Acropora spp., endangered

Walt Jaap STP JAAP_W at
Fri Feb 26 05:07:06 EST 1999

[Moderator's note: this letter to Tom Hourigan from Walt Jaap was
reprinted with permission from Walt for the purpose of encouraging
discussion and contrasting or complementary viewpoints.]

22 February, 1999

Dr. Thomas F. Hourigan
Marine Biodiversity Coordinator
Office of Protected Resources, NOAAF/PR
National Oceanic and Atmospheric Administration
National Marine Fisheries Service
1315 East-West Highway
Silver Spring, MD 20910
tom.hourigan at

Dear Dr. Hourigan:

I am responding to your internet request about Acropora spp. and other
Scleractinian species for inclusion as endangered or threatened species.
We have encountered this option several times from different groups over
the years; and have looked at the option to see if it was reasonable,
possible, and would it do a better job protecting corals than the
existing statutes and management regimes.  We have concluded that it is
not the best approach for several reasons.

Firstly, to prove that a coral is threatened or at risk throughout the
Caribbean, Florida, Bahamas, Bermuda, and places in between is  costly,
time consuming, and might be very difficult to prove the case.

Are corals currently protected from human exploitation by other statutes
and management regimes?  I would like to think so.  In Florida, we have
a state statute that protects all Scleractinia, Millepora spp, and
Gorgonia spp from harvest, being sold in a commercial establishment, and
from destruction on the sea floor.  This statute has been in effect
since the mid 1970s.  At the federal level the most extensive coral
protection is found under the Magnuson Act:  The Gulf of Mexico and
South Atlantic Fisherie s Councils cosponsored the work that resulted in
the Coral and Coral Reef Fishery Management Plan.  This plan parallels
the Florida statute, protecting the Scleractinia, Millepora spp, and
Gorgonia spp. This management regime was recently incorporated into the
Essential Fish Habitat Plan by the Fishery Management Councils.

The Department of Interior manages two National Parks (Biscayne and Dry
Tortugas) in which all corals are protected.  The State of Florida and
NOAA are the trustees of the Florida Keys National Marine Sanctuary
which includes all the reefs outside the National Park boundaries from
Fowey Rocks to west of Dry Tortugas, again the regulations protect
corals and reefs.   When anthropogenic events occur, the trustees have
successfully prosecuted responsible parties or have negotiated effective
restoration and mon itoring plans on the sites.  Settlements were in the
range of millions of dollars. Would the endangered species act have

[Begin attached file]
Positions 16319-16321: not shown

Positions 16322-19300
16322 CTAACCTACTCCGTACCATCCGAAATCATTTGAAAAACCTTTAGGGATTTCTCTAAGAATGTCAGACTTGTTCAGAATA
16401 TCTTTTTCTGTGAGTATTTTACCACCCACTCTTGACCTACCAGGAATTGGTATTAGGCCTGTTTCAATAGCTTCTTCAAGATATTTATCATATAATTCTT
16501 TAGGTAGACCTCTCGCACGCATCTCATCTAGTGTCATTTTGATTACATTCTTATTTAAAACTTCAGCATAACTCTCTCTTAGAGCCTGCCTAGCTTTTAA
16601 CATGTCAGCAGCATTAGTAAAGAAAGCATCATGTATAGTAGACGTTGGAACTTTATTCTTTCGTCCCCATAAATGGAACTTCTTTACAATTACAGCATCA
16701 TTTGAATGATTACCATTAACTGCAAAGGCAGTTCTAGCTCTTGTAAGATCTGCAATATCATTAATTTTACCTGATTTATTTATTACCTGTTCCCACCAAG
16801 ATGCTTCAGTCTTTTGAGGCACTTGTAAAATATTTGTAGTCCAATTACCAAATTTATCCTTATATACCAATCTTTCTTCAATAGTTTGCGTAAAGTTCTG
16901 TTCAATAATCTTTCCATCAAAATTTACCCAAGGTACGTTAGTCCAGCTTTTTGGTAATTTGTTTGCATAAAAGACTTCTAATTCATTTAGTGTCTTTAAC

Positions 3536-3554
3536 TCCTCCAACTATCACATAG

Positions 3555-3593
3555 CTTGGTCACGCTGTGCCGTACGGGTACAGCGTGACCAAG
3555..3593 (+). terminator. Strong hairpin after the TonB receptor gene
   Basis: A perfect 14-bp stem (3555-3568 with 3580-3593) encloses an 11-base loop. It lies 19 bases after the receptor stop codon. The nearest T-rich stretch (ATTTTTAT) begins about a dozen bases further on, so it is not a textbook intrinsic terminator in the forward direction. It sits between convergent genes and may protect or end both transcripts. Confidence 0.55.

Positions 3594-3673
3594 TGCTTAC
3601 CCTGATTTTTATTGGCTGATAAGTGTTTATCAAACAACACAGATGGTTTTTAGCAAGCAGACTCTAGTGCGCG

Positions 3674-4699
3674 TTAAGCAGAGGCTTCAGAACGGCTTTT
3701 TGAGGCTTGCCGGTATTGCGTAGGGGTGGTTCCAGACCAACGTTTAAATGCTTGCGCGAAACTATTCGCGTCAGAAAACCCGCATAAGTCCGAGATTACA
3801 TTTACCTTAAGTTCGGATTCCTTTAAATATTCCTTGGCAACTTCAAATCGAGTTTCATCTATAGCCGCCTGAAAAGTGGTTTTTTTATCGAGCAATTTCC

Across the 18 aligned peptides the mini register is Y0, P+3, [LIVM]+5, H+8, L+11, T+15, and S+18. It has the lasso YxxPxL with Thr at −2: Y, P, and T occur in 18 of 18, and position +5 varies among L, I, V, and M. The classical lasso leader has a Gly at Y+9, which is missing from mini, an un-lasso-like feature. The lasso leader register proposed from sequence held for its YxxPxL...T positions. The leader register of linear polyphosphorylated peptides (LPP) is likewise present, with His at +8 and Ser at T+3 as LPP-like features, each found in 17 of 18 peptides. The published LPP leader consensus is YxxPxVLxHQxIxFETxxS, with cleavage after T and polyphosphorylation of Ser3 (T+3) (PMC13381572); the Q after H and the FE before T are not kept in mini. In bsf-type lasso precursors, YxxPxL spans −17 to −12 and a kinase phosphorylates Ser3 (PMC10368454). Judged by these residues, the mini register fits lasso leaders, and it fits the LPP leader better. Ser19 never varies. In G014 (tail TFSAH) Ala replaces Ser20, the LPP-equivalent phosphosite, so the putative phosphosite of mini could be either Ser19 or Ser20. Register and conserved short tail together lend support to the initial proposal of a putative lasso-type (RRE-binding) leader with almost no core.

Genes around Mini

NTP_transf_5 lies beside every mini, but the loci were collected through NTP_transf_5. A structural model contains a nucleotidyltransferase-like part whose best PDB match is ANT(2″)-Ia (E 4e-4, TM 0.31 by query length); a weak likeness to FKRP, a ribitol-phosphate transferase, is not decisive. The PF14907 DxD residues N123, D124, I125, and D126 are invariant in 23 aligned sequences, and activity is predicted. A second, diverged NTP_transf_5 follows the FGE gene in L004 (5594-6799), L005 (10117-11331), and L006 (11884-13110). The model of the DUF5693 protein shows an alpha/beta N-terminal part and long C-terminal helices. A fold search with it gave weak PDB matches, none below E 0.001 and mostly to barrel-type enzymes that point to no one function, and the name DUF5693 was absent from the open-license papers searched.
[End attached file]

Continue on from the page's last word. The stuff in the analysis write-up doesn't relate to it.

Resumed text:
provided immunity from these anthropogenic disturbances? I do not think
it would have.

Natural events such as hurricanes, ENSO related bleaching episodes, and
global warming are still occurring in spite of the efforts that the
coral protection statutes and management regimes.  Would additional
protective legislation such as the endangered species program provide
more protection to the reef resources?  I am skeptical that adding a few
Scleractinia corals to the endangered and threatened species list would
be of benefit.

Coral populations are very dynamic.  In the case of Acropora palmata
(Lamarck, 1816) there is good evidence that it has gone through boom and
bust dynamics for quite some time.  In 1882, Alexander Agassiz reported
44 hectares of A. palmata at Dry Tortugas.  In 1982, Gary Davis reported
that, A. palmata coverage declined to 0.6 hectares, ten years later we
measured the remnant population and noted little change.  The decline
was probably caused by hurricanes and other meteorological phenomena.

In retrospect, or as they claim hind sight is perfect, when the debate
over the Everglades Park boundaries was first debated in the late 1940s,
Gill Voss told me an initial proposal had all of the Florida Keys with
the exception of Key West and Marathon included in Everglades National
Park.  Local politics prevailed and the end result is a highly urbanized
Florida Keys in which the environmental quality has suffered from user
abuse.  Ah, if we could only go back in time and make it right.

We recognize that your intentions are well meaning and appreciate your
concern.  We respectfully disagree that the corals mentioned in your
communication should be considered for nomination as endangered or
threatened species.  We do not believe that any of the aforementioned
taxa of corals could satisfy the criteria of endangered or threatened
species.   Since we have existing statutes and management regimes that
are designed to protect corals and reefs, the proposed status would have
little or no effect o n these resources.


Walter C. Jaap Associate Research Scientist Florida Marine Research

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